Take a Thanksgiving Road Trip with Candy and Martin

Happy December, everyone! In the run up to Christmas, I plan to review several Christmas themed 80’s movies to indulge in in the run up to the festive season. But before I delve into Christmas, I’d like to take a look at one of my favourite holiday movies of all time, as well as one of my favourite movies directed by the late, great John Hughes, “Planes, Trains and Automobiles”. Although Hughes was better known for his teen comedy flicks (namely “Sixteen Candles”, “The Breakfast Club, and “Ferris Bueller’s Day Off”), “Planes…” was his first attempt to break out of his comfort zone and write more screenplays based around adults.

Set around Thanksgiving, the flick stars Steve Martin as Neal Page, a successful, if somewhat abrasive, advertising executive who simply wants a nice relaxing trip home to Chicago to be with his wife Susan (Lalia Robbins) and his children. Unfortunately, things don’t quite go to plan for Neal, as his plane undergoes a layover in Kansas. What really infuriates Neal is his constant meetings with overly chatty shower curtain ring salesman, Del Griffith (John Candy), especially since Del unwittingly stole Neal’s first taxi cab in New York City.

Neal and Del decide to team up to get to Chicago, but first they have to travel  not only via planes, trains, or cars, but on foot and by bus. Amidst all of the wacky hijinks which ensue, will the ill-matched duo ever get home?

“Planes, Trains and Automobiles” is ultimately my go- to movie to watch around the holidays.  In fact, the best part of the movie is seeing Del and Neal grow closer together. Interestingly enough, Hughes mixes up the formula of two oddly matched people being forced together by fate of circumstance by having Neal yell at Del for being irritating  come at the beginning of the flick, rather than at the end, so that we’re uncertain about how the events will unfold from this point onwards.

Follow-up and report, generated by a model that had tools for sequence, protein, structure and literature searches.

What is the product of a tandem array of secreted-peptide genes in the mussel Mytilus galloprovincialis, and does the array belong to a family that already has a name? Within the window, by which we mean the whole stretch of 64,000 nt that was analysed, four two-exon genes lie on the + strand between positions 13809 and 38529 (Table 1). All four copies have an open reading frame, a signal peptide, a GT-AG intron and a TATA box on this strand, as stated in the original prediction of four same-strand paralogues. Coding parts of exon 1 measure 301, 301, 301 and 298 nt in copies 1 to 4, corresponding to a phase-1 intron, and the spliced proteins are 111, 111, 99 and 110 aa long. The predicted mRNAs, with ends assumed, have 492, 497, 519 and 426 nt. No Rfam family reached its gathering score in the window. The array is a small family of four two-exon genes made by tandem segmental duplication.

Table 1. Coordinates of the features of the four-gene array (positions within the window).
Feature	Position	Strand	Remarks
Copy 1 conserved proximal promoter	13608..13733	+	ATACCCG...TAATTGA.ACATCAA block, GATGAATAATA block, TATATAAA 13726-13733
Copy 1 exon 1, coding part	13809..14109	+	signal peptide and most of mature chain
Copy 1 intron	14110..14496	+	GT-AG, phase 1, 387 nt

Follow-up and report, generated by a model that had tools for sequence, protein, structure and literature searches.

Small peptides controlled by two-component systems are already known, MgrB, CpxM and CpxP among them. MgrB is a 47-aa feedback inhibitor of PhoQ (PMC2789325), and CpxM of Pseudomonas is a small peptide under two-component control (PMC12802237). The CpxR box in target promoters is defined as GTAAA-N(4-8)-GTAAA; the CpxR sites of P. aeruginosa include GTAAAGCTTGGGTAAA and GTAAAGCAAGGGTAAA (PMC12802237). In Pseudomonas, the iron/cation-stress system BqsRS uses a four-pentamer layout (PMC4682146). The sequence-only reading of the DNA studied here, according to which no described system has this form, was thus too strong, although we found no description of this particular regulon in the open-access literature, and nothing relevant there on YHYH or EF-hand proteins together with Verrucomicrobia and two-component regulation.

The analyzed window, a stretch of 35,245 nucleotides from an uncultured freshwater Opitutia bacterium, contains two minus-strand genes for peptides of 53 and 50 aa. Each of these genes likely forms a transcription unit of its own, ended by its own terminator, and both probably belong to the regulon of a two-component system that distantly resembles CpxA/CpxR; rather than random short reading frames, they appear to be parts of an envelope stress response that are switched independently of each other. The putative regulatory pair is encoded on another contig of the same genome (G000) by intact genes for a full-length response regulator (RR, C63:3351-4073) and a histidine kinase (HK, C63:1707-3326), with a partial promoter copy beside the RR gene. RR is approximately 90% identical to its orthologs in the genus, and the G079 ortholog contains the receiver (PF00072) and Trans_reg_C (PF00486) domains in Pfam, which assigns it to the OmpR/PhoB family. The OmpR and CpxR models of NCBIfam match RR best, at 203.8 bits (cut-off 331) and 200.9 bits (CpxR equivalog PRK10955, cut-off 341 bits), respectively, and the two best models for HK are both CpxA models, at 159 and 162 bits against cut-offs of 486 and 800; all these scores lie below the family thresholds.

Among some of the movie’s highlights is having Neal flip out at a car rental agent (Edie McClurg) by delivering a rant which features several F-bombs in quick succession (which earned the movie an “R” rating strictly because of this scene), Del and Neal waking up in a motel, wrapped in each other’s arms, dreaming of their wives, complete with the most hysterical payoff imaginable, and Del “doing the mess around” while on driving duty.

In my opinion, Del Griffith is John Candy’s best and most sympathetic role of his career. Despite his relentless chatter and larger than life personality, we gradually learn a lot more about him which only makes him more endearing to the viewer’s eyes. Martin provides a terrific foil as Neal, who gradually allows himself to soften under Del’s influence. The song, “Everytime you go away”, originally by Paul Young, but covered here by “Blue Room”, always brings a tear to my eye, when it’s featured in the touching final scene.

“Planes, Trains and Automobiles” earns the full distinction of 5 out of 5 stars. It may not be regarded as Hughes’ best movie, but to me, it’s certainly his most warm, sentimental film. If you’re interested in finding out more facts regarding this holiday flick, then tune in to vlogger “The Nostalgia Critic”‘s video “What you never knew about Planes, Trains, and Automobiles”. It also inspired the good, if more foul mouthed, Robert Downey Junior movie “Due Date”.